The Highland Council is being urged to declare a “school estate emergency” due to the poor conditions of school buildings across the region.
A motion has been lodged by Councillor Helen Crawford and is due to be heard at the next full Highland Council meeting on December 14.
She said it’s understood to be the first motion of its kind in Scotland – and is urging councillors to support the move to declare a crisis situation.
The councillor, of Aird and Loch Ness ward, explained: “Across Scotland the percentage of schools graded A (good) for condition and suitability is almost 91%. That’s in sharp contrast to the situation we have here in the Highlands where not even 20% of our schools are graded A.
“Of more concern, according to statistics provided on the Scottish Government’s website, 10% of secondary schools across Scotland are rated C-Poor in contrast to 37% here in the Highlands.
“We know that thousands of our children across the Highlands are spending their school day in buildings that are not fit for purpose and an unacceptable number of teaching and support staff are spending their working life in those buildings too and that must impact negatively upon recruitment and retention of teachers.
“For these reasons, I am calling upon all Highland councillors to support this motion declaring a school estate emergency until we have fixed the problem that is clearly affecting our children’s education.”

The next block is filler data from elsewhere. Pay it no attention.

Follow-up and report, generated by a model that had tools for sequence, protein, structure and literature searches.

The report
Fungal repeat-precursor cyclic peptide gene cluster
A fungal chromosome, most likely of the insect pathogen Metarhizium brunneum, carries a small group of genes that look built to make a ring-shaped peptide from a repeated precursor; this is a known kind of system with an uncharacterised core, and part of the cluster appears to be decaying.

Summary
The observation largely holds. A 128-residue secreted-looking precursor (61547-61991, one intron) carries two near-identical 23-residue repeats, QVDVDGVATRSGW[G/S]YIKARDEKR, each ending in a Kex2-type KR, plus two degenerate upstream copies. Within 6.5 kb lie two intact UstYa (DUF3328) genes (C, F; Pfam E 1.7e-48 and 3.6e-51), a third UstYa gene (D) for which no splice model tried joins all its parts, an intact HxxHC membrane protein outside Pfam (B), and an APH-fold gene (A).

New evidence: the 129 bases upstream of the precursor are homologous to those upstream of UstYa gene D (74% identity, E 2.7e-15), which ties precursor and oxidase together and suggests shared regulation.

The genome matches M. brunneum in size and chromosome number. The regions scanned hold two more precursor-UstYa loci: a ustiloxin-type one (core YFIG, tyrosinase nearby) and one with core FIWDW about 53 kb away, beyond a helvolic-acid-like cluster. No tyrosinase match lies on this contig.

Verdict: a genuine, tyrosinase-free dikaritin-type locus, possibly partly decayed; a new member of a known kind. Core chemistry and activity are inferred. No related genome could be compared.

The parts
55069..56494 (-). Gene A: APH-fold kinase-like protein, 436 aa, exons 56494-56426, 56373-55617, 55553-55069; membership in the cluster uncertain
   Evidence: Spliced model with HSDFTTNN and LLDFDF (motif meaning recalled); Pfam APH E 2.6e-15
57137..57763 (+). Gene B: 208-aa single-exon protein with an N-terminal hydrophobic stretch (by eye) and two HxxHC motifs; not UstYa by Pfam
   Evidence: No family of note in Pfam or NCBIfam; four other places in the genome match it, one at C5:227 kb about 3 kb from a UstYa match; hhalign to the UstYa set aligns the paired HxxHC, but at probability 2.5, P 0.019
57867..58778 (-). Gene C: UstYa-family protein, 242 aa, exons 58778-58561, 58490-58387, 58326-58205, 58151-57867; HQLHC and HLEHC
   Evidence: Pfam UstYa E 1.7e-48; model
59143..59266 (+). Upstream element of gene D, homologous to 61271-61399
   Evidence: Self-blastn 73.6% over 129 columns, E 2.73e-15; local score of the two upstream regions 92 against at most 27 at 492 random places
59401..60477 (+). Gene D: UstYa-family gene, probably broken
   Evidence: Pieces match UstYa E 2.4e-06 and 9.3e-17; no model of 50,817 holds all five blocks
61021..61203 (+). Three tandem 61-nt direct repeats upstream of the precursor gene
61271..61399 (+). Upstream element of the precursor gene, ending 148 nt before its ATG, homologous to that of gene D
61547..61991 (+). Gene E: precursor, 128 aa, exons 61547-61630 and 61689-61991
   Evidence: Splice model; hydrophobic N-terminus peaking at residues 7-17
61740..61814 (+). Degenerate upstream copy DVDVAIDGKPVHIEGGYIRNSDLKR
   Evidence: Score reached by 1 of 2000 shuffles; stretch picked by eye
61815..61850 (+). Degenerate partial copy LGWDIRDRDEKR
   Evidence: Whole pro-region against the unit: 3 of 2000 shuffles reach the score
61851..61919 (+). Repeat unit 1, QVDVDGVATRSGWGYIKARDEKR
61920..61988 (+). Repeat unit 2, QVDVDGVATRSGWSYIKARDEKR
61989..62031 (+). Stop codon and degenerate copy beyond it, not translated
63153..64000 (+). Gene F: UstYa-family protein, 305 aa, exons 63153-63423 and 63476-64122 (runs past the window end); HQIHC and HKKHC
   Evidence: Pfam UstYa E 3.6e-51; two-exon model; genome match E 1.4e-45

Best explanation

The motion, published today, has been endorsed by councillor’s Ruraidh Stewart, Liz Saggers and Isobel MacKenzie.
Councillor Crawford added: “We must not airbrush it – this is a dire situation and a real crisis.
“I am not wanting political point scoring – I just want the best, warm environment for our children to learn in. Staff deserve to go to school with children – not maintenance – as their number one priority.
“The Highlands deserves more and needs more.”
‘Our school building is not something to be proud of’
Charleston Academy parent council chairman Grant Franklin said the Inverness school was battling RAAC, asbestos and now a lack of funding.
He said: “Highland Council has withdrawn funding for a new school. In the meantime, pupils and teachers in Charleston are contending with mould, moss and wet walls in the corridor.
“There are buckets to catch water everywhere.
“We even have black guttering inside the school classrooms to take water away from pupils.”
He said recent discussions with the council had led to £1.5 million in funding over five years being offered.
“But that is not going to touch the sides,” he said.
“If we can’t have a new school then serious investment into Charleston must be made as soon as possible.
“At the moment the building is not something to be proud of.”
Raymond Bremner, leader of the Highland Council, has been approached for comment.
A spokeswoman for Highland Council said it was unable to comment ahead of the meeting next week.